The Science of Brain Recovery after a Stroke

Neuroplasticity

Stroke is a common medical condition caused by poor or disrupted blood flow to the brain. This results in cell death and disability. When blood vessels that carry nutrients and oxygen to the brain are blocked by clots or ruptures, parts of the brain cannot receive blood and oxygen, causing affected brain cells to die. 

What are the types of stroke?

There are several types of stroke: Ischemic Stroke, Hemorrhagic Stroke, Transient Ischemic Attack(TIA),  and Brain Stem Stroke.

1. Ischemic Stroke is caused by clots obstructing the blood flow to the brain

2. Hemorrhagic Stroke is caused by the rupture of a blood vessel, preventing the flow of blood to the brain.

3. Transient Ischemic Attack (TIA) is caused by a temporary clot, resulting in a transient neurological deficit. It is like a warning sign of real stroke, which can be more dangerous. Knowing and evaluating before real stroke occurs is potential.

The symptoms of stroke depend on the location of brain damage. For example, if the brain lobe controls speech, the patient with stroke comes with speech difficulty (aphasia), and if the brain stem which controls gait, and eye movement nerve, the patient might come with walking difficulty, and double vision.

Can the brain heal after a stroke?

After a stroke, only the area of the brain that suffers a complete loss of blood supply for a certain period of time dies; this is called the infarct area. The cells surrounding the infarct area that still survive can help generate new connections and brain cells. This is why rehabilitation to boost the survival of cells is critical. The brain’s ability for neuroplasticity can be enhanced in many ways.

What is neuroplasticity?

Neuroplasticity refers to the brain’s capacity to allow the generation of new connections and brain cells, and enable re-learning. It gives us the capability to learn and memorize new things, and adjust to new environments that we are in.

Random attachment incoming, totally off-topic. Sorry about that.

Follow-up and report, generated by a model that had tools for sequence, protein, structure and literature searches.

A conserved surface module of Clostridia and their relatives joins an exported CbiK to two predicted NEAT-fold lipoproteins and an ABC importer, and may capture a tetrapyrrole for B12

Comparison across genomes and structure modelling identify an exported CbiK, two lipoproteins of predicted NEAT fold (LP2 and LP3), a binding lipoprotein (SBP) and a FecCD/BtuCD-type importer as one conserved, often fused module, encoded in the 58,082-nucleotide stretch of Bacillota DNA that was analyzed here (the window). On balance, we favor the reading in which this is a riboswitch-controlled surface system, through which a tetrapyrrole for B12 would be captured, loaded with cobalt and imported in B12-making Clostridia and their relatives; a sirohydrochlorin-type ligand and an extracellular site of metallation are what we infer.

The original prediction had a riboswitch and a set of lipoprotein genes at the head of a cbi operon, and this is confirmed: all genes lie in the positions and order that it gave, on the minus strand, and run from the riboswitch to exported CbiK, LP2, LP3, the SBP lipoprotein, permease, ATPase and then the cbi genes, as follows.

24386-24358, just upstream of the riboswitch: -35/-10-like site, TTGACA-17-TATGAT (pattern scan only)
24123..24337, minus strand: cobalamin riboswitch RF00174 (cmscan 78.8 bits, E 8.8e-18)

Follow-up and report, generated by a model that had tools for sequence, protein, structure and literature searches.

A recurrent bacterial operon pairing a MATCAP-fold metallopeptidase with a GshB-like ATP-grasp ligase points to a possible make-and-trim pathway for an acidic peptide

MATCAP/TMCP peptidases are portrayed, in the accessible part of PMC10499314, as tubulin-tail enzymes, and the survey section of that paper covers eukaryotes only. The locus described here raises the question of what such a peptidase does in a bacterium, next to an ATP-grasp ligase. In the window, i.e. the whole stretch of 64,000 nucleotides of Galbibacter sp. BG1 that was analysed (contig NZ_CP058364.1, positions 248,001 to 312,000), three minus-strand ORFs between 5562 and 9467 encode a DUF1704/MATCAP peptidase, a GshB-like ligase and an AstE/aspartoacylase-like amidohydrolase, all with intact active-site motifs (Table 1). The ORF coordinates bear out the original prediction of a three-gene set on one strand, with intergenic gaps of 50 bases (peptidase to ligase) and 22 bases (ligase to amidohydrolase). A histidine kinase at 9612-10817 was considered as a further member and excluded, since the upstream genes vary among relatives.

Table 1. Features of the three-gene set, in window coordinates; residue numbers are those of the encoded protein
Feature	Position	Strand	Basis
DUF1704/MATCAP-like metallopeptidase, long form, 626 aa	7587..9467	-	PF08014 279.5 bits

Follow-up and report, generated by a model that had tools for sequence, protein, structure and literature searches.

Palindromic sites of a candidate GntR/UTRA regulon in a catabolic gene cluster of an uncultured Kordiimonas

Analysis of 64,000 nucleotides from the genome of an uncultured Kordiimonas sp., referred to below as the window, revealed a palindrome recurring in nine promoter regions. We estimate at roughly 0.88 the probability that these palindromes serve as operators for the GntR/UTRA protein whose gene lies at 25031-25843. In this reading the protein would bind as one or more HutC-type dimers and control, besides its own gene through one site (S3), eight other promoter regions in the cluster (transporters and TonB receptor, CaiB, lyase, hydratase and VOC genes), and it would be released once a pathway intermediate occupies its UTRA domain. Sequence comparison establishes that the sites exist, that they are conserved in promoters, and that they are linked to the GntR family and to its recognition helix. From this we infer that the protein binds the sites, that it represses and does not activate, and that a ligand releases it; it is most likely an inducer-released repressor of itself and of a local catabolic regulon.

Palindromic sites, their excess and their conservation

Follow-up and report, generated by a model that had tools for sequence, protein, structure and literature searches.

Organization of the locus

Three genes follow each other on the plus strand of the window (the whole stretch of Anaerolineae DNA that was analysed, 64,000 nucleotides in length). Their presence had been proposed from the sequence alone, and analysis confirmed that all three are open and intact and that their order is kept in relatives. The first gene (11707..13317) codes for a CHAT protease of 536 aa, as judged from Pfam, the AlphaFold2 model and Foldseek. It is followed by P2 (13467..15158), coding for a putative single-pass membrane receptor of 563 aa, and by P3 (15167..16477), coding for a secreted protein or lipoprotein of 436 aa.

In recent years, research suggests that the capacity of our brains to change depends on our lifestyle, activity, and environment. For example, after an injury or accident, neuroplasticity allows the brain to compensate for that situation.

The study of neuroplasticity in neuroscience has received a lot of attention in recent years. Studies have shown that we can develop neuroplasticity based on the eight-core principles of neurology

1. If you are alert and motivated, your brain will release the neurochemicals necessary to enable brain change. But if you are inattentive, your neuroplasticity will be reduced or even disabled.

2. Being intensely focused on a task or doing something for an important reason results in the change experienced being greater.

3. The more you practice a skill, the more connections are changed, allowing you to perform with greater facility and reliability over time.

4. The more powerfully coordinated teams of nerve cells are, the more powerful and more reliable their behavioral production will be.

5. By strengthening nerve connections, your brain can predict what happens next and seemingly instinctively react better, improving control and coordination.

6. Temporary changes begin at the initial phase. After that, your brain will determine whether a change should be permanent or not.

7. Internal mental rehearsal can change the brain without involving actual physical movement.

8. You can choose the plasticity changes of the brain through the principle of  “use it or lose it.” It’s almost as easy to drive changes that impair memory and physical and mental abilities as it is to improve these things.

What does this mean for treatment?

From these new insights into the neuroplasticity of the brain, doctors and therapists can develop new treatment programs. There now are exciting treatments to guide and stimulate the brain with occupational and physical therapy activities and treatment. For recent stroke cases, regenerative medicine for brain cell regeneration may also help. The neuroprotective agent, the medicine that enriches nutrients essential for brain cell environmental growth could help especially in the recent stroke no more than 3 months. In some cases, patients may be stimulated by tDCS or Transcranial Direct Current Stimulation which is a non-invasive, painless brain stimulation treatment that uses direct electrical currents to stimulate specific parts of the brain. Combining different treatments and activities in a comprehensive program is the best way to achieve neuroplasticity.

References: https://www.soft-wired.com/